I was having a conversation with someone in HR a few weeks ago and they asked me a very pointed question: what is the best career path to take if I want to get to the CHRO/Chief People Officer role in the next few years?
The world of HR is evolving quickly. We had a 10 year aggressive decrease in unemployment followed by the chaos of COVID. There is a newfound emphasis on HR (or People Operations as I like to call it), as well as talent acquisition. The US economy continues to be driven by companies that rely on highly skilled people who are hard to recruit and retain.
In addition, there is a slow but steady rise in the number of organizations who are actually leveraging people analytics to better understand the entire employee life cycle from applicant to alumni. This has created new roles within the HR/PeopleOps world, and therefore new opportunities for professionals looking to grow.
It's worth noting that these people get paid more for the value they bring an organization
This advice is for people who are gunning for that top spot in the organization (CHRO or Chief People Officer), or who at least want to be at the higher levels of their organization. If you're happy in your job and have no desire to move up, then enjoy life!
For the rest of the Type A personalities, my suggestion is to hitch your wagon to one of the newer roles within People that is more strategic in nature. When I say strategic, I mean that 1) everything you do ties to the overall business goals, not just the blocking and tackling of traditional HR, and 2) nearly everything you do will tie back to an underlying data model that most likely has a dollar sign in the last cell.
Executives at nearly every company I talk to are craving business minded People people to help run their organizations. Old school HR that is compliance focused, doesn't understand technology, and has no facility with numbers are never going to be the drivers of value that the c-suite desires.
New school People people are constantly understanding what's going on in the business (we need new sales, product is behind schedule, there is too much churn in customer service, etc), and then architecting strategies to address these issues (sourcing tech for sales roles, tech assessments for engineers to speed up time to hire and widen the funnel, employee engagement tools), and finally tying this back the business with a dollar sign (we hired 15 more quota bearing reps this quarter which translated into an additional $3 mm of sales and $12 mm of enterprise value, our time to fill for engineers decreased by 15 days which means we got another 175 eng days in this quarter that directly contributed to the new product shipping back on schedule, we got 85% of CSMs as weekly active users on the engagement platform which has led to a decrease in churn by 12% thus far which has saved us $200k in TA costs and an approximated $350k in institutional knowledge transfer).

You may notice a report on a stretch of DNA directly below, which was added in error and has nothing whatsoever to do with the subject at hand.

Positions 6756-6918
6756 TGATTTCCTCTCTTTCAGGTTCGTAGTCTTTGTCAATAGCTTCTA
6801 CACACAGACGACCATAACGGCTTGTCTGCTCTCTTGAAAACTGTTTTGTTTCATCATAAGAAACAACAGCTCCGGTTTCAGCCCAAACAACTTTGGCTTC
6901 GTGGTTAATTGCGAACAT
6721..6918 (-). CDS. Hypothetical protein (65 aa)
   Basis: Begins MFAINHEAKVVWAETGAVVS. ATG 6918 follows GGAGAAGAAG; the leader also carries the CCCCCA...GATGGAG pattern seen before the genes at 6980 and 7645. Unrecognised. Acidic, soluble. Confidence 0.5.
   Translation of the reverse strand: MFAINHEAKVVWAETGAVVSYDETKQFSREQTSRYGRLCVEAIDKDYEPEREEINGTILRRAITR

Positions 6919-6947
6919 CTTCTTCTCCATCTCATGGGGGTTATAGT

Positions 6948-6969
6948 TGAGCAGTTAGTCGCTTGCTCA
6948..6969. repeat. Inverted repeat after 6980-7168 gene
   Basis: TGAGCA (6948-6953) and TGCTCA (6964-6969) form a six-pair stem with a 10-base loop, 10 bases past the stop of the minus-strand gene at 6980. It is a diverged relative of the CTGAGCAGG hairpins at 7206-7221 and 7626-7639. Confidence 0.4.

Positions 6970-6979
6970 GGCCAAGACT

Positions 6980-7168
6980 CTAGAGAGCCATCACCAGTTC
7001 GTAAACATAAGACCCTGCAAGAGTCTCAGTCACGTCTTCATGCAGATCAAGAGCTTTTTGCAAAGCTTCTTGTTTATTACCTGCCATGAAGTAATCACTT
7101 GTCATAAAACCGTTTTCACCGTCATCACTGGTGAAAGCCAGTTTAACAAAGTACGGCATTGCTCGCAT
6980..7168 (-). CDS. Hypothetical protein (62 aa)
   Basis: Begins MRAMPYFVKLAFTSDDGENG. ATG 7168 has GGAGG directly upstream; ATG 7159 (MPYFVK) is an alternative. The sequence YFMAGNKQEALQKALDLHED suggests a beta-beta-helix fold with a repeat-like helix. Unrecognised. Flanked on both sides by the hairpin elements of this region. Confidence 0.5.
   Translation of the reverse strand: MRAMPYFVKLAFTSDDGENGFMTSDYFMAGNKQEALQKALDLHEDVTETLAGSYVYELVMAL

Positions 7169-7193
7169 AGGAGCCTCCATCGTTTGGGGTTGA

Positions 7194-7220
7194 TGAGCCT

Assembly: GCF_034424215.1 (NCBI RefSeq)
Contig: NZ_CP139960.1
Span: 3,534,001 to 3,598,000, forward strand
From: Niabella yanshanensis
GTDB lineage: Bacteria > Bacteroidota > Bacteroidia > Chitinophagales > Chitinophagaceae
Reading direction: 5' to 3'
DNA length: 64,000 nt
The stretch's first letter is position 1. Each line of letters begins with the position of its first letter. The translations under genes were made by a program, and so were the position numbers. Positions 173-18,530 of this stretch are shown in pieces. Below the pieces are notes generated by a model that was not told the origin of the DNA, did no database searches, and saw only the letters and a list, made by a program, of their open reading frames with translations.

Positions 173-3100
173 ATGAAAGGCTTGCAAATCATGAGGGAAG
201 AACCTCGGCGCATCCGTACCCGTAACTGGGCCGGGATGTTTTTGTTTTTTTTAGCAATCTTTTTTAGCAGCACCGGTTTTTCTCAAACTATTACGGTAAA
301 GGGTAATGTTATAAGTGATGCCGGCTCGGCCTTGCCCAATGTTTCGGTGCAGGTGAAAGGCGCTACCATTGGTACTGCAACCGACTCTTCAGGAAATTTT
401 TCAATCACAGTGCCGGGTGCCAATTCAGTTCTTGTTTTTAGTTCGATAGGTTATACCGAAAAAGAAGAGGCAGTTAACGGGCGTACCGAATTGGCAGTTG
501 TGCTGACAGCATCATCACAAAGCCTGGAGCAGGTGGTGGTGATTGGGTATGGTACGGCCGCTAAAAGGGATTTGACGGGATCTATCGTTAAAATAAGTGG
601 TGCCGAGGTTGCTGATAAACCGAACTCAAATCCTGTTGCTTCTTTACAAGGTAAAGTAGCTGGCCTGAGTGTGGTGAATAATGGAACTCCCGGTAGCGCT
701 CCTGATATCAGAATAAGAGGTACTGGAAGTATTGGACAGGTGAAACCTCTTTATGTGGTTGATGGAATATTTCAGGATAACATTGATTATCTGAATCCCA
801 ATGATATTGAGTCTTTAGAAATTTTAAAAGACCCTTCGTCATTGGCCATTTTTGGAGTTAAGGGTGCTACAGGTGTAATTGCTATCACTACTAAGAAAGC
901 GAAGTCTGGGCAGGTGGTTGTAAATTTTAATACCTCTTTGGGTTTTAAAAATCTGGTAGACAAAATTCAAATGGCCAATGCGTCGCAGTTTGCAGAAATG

That was a long sentence....but hopefully it gets the point across of how these new school people think!
I've talked to at least half a dozen teams this year that have hired people outside of HR to lead HR. Former finance, consulting, marketing, etc people who get the business, and can learn HR. I think this is a shame. There are so many smart people in the HR function that are more than capable of learning the skills to become more effective business leaders.
Luckily, I've also talked to 2-3x that many HR people who have transitioned their careers into PeopleAnalytics, HR Business Partner Roles, and PeopleOps roles. They are taking their domain expertise in HR and upskilling on the business/data angles they may not already have in order to drive the tangible value that will be recognized with promotions, and eventually that top spot.
At SSR, we're really excited about these new roles, and have been updating a short list of people jobs we think meet these criteria. We hope that in a small way we can help people get these roles, succeed, and train (check out our HR Tech ROI course) the next wave of People professionals who will make an impact at their organization.
This post originally appeared on SelectSoftware's blog where we write about the latest in HRTech.